Publications & Resources

The Louisiana Coastal Area Study: A Case Study in Interagency Coordination

September 2018

Environmental compliance often requires the participation of several government agencies, and the efficiency of compliance procedures can be improved by early, effective coordination among the various agencies. In our new case study,
The Louisiana Coastal Area Study: A Case Study in Interagency Coordination, we examine how the co-location of staff from multiple agencies in a single office helped coordinate them as they worked together to plan a suite of restoration projects along Louisiana’s coast. This co-location aided efficient development of a Programmatic Environmental Impact Statement, which was then used as a basis for the rapid production of six tiered, project-specific Environmental Impact Statements.

The City of Portland Streamlining Team: A Case Study in Coordinating Environmental Compliance

August 2018

In February 2017, ELI released a background paper on Fast-Tracking "Good" Restoration Projects in the Gulf of Mexico, which focused on mechanisms available to fast-track restoration projects that are subject to federal environmental compliance requirements. In that paper, we noted that environmental compliance often requires the participation of multiple government agencies, and that the efficiency of compliance procedures can be improved by early, effective coordination among these agencies.

To see an example of this coordination in action, read our new case study from Portland, Oregon, where a group of federal, state, and local agencies formed a "Streamlining Team" to coordinate environmental compliance for City of Portland development projects, resulting in a more efficient permitting process and strengthened relationships between the agencies.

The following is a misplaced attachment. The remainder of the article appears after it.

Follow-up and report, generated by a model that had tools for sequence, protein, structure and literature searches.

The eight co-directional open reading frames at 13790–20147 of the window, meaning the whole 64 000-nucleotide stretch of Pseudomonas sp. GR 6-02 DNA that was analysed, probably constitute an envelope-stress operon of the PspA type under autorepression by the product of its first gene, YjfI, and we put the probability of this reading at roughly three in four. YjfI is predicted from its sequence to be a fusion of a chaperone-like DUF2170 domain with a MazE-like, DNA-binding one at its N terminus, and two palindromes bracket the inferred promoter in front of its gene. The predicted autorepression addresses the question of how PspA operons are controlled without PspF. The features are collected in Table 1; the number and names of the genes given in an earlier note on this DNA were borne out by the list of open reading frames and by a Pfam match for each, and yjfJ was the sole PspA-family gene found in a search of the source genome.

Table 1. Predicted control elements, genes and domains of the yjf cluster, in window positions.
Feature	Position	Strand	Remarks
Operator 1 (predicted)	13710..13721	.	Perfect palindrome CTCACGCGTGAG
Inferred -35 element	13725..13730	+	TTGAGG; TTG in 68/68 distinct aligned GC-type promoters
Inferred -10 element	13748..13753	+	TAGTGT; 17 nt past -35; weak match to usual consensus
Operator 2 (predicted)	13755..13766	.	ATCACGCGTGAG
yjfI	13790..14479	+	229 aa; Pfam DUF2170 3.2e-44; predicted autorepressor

Mississippi Meetup: ELI in the Gulf

July 2018

ELI Gulf Team members Teresa Chan and Amy Streitwieser traveled to Mississippi in mid-July. They attended two public events hosted by the Deepwater Horizon natural resource damage assessment (NRDA) trustees: a community education workshop in Gulfport, and the Trustee Council’s annual public meeting in Long Beach. They also had a chance to catch up with some of our partners, and even got the opportunity to visit a restoration project in progress.

This blog provides a recap of the week’s events.

Workshops & Events

Engaging in the Gulf Restoration Processes: How the Public Can Help Shape Restoration

Event on June 6, 2018 in Gulfport, MS

It has been more than eight years since the start of the BP oil spill. In that time, many steps have been taken to restore and recover the Gulf. This includes the approval of numerous plans, programs, and restoration projects. As Gulf restoration and recovery efforts continue to move forward, how can the public engage and help shape restoration?

To help members of the public better understand how to get involved, ELI, along with Environmental Management Services, Mississippi Commercial Fisheries United, and Public Lab, co-sponsored an event on “Engaging in the Gulf Restoration Processes: How the Public Can Help Shape Restoration.” The goal of this event was to provide participants with tools and information that they can use to more effectively engage in the restoration and recovery efforts.

Click here for the draft agenda.

Making Heads or Tails of BP Oil Spill Restoration

Event on March 27, 2018 in Gulfport, MS

As a result of the BP oil spill, billions of dollars are going to restoration and recovery efforts in the Gulf, with most of that money going to restoration projects. Although there are many different types, restoration projects can be technical and difficult to understand. So how are members of the public supposed to make heads or tails of them?

To help the public better understand how to evaluate restoration projects, the Environmental Law Institute, in partnership with Steps Coalition, Audubon Mississippi, National Wildlife Federation, and Ocean Conservancy, hosted an in-person event in Gulfport, MS on “Making Heads or Tails of BP Oil Spill Restoration Projects.”

The event convened experts to cover topics such as how to navigate through restoration projects to understand when one “good” project could be prioritized over another, how to deal with scientific uncertainty, and how restoration projects work in practice. The goal of this event was to provide participants with tools and information about restoration projects so that they can more effectively engage in the restoration and recovery efforts moving forward.

Click here for agenda